Jack Jones took an en garde’ stance and sucked up his pain. McCormack, likewise, took up the defensive posture with the thick, brass cylinder in his big hand.

With surprising fluidity, Jones launched his offensive. Each thrust and slash, however, was blocked with a hollow clang as McCormack managed to hold his opponent at bay. The fight spilled out of the stairwell into the stone corridor allowing the four witnesses to descend to the next landing and retrieve their captain. Once they were rejoined and Slappy was on his feet, the pirates stepped into the corridor to see how their friend was faring in the fight.

Suddenly, McCormack stumbled on a stone in the floor and began losing his footing. Jones smiled and moved quickly to skewer the big man while he was off balance. Panicked, Slappy tried to lunge forward to intervene, but George held him back; “Cementhands has claimed him, Cap’n! We cannot intervene.”

Jones couldn’t help but laugh as he drew back his saber and began plunging it toward McCormack’s liver – but just as suddenly as the big man had lost his footing, he moved the blunderbuss barrel to catch the tip of the sword in mid-thrust and used the barrel as a scabbard to sheath the blade. Then with a twist of his wrist he wrenched the sword from Jones’ grip and sent it clattering across the cobblestone floor.

Jones eyes widened as he realized the advantage was now lost. He tried to make a sprint toward his weapon, but McCormack’s big left hand now had a hold of the front of his shirt – he wasn’t going anywhere except where Cementhands wanted him to go – which was to hell.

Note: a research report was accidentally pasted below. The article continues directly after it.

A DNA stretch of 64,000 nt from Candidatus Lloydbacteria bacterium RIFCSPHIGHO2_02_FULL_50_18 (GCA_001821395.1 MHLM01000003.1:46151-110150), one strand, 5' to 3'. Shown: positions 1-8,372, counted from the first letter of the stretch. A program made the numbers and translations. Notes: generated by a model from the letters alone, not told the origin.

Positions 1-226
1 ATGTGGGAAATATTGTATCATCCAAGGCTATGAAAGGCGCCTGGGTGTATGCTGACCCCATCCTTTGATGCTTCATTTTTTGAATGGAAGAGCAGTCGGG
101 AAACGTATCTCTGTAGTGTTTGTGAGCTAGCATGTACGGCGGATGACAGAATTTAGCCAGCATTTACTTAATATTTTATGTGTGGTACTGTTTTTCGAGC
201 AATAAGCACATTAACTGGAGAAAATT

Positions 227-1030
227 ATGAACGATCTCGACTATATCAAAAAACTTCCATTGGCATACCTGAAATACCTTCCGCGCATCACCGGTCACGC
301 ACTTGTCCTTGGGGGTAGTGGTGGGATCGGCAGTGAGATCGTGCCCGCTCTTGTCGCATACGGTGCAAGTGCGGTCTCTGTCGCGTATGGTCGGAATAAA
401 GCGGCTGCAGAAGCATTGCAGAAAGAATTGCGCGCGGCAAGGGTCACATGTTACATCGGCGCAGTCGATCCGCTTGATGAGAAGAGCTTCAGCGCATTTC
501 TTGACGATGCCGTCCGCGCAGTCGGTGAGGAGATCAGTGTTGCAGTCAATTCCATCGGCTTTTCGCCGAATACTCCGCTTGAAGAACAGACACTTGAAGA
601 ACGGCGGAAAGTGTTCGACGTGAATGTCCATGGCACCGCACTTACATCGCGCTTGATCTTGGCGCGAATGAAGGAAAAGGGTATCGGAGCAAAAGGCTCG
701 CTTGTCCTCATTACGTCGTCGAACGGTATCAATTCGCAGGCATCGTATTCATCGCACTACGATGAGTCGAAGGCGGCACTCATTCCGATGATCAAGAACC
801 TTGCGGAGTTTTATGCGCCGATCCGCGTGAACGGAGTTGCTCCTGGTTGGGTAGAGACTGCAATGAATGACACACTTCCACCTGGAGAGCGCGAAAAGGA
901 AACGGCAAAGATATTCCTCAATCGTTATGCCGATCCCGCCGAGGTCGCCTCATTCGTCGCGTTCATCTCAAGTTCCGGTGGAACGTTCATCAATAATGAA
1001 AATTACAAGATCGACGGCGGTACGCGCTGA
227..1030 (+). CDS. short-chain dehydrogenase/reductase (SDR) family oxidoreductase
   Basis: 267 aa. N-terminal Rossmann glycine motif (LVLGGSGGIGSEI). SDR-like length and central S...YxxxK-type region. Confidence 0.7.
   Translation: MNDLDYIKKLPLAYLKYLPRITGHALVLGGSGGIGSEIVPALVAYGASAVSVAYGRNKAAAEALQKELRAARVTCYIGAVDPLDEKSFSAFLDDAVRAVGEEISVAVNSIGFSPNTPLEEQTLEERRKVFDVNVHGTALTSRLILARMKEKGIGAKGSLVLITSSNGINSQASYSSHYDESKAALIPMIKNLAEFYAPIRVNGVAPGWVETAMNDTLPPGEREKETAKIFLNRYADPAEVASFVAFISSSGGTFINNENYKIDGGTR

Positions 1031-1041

McCormack swung Jones around and held him to the stone wall. He pushed upward so that Jones’ feet were lifted from the floor a few inches. Jones tried to flail himself free, but McCormack was having none of it. He brought the muzzle of the barrel around and held it to Jones’ sternum.

Cap’n Slappy and the other pirates gathered around as McCormack applied more and more pressure with the blunderbuss barrel to Jones’ chest. The ensign spit and struggled, but McCormack slowly pushed the brass barrel toward the wall.

Jones started his high-pitched scream, but he wasn’t able to inhale enough oxygen to sustain it. He flapped desperately against the wall – like a butterfly being pinned to a collector’s board. McCormack’s face showed no emotion – just the businesslike countenance of a man who had a job to do.

The cracking of Jones’ sternum could be heard echoing up and down the corridor. The spitting and struggling eased and his eyes bulged as he seemed to try to say something to his executioner. McCormack shook his head slowly and said,

“Benny wanted me to tell you, ‘Ain’t karma a bitch?’”

Whatever air remaining in Jones’ lungs was now expressed as his bowels and bladder released.

Seeing this, Slappy commented, “Again?!? The man must have had a freakin’ ten gallon bladder!”

“The stairway is going to be crawling with guards any moment! We’ll have to find another way out!” George advised.

“I know a way! Follow me!” Tharp started down the corridor.

McCormack was still pinning Jones’ corpse to the wall with the barrel of the blunderbuss. Slappy put his hand on his friend’s shoulder and said, “It’s time to go.”

“Right!” Replied McCormack as he released the body, which crumpled to the floor. “Let’s go.”